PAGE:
April 18 (UPI) -- The Department of Defense denied a request to release information on the nation's nuclear stockpile, ending a practice that started a decade ago with little explanation.
The Pentagon refused to comply with an Oct. 1 request by the Federation of American Scientists to provide the number of active warheads and those dismantled through the end of Fiscal Year 2019
"After careful consideration. . . it was determined that the requested information cannot be declassified at this time," wrote Andrew P. Weston-Dawkes, director of the Office of Classification at the Department of Energy, in a letter conveying the DoD decision on April 5.
The U.S. nuclear stockpile constitutes so-called "Formerly Restricted Data," which is a classification category under the Atomic Energy Act. The DOE did not object to declassification but the Pentagon refused.
The Federation of American Scientists, which is a private group that "studies nuclear weapons issues and advocates for government openness on national security issues," routinely asks for the information.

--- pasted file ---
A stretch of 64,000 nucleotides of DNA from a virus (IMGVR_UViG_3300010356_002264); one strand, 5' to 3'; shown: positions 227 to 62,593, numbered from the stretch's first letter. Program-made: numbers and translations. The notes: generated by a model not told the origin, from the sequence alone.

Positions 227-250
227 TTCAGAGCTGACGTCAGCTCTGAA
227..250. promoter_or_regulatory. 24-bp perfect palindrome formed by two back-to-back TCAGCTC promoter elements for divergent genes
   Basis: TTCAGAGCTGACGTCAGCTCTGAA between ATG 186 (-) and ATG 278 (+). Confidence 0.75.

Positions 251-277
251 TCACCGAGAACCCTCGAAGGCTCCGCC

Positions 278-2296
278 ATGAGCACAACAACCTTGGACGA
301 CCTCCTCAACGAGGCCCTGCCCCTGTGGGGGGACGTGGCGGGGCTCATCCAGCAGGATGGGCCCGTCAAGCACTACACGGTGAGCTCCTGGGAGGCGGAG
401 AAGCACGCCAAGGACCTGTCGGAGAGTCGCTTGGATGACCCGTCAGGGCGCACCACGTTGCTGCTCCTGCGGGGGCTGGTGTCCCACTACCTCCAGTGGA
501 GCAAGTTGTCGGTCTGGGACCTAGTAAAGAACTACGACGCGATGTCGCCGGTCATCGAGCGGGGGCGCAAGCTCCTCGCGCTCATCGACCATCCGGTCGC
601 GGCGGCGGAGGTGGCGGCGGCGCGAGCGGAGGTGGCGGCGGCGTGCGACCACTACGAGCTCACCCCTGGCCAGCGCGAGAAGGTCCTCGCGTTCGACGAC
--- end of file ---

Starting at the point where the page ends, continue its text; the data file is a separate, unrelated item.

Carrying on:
No reason was given for the denial in the letter.
The Trump administration had disclosed to the group that the stockpile consisted of 3,822 nuclear warheads as of Sept. 30, 2017, which is a decrease of 196 warheads from 2016. Also, 354 nuclear weapons were dismantled in 2017, up from 258 the previous year.
The information was first declassified in 2010. The stockpile was 5,113 warheads.
"Increasing the transparency of our nuclear weapons stockpile, and our dismantlement, as well, is important to both our nonproliferation efforts and to the efforts we have under way to pursue arms control that will follow the new START treaty," a Pentagon official said at a May 2010 press briefing on the decision to release the information.
Previously, only the size of the historic stockpile through 1961 had been officially disclosed in 1993.
Hans Kristensen and Robert Norris of FAS had estimated the United States had 5,200 warheads in 2009, which was 87 more than the total that was released.
In the past, stockpile declassification has not led to greater openness by Russia.
"I think we should have more communication with Russia," said U.S. Army Gen. Curtis Scaparrotti, the retiring Supreme Allied Commander Europe. "It would ensure that we understand each other and why we are doing what we're doing."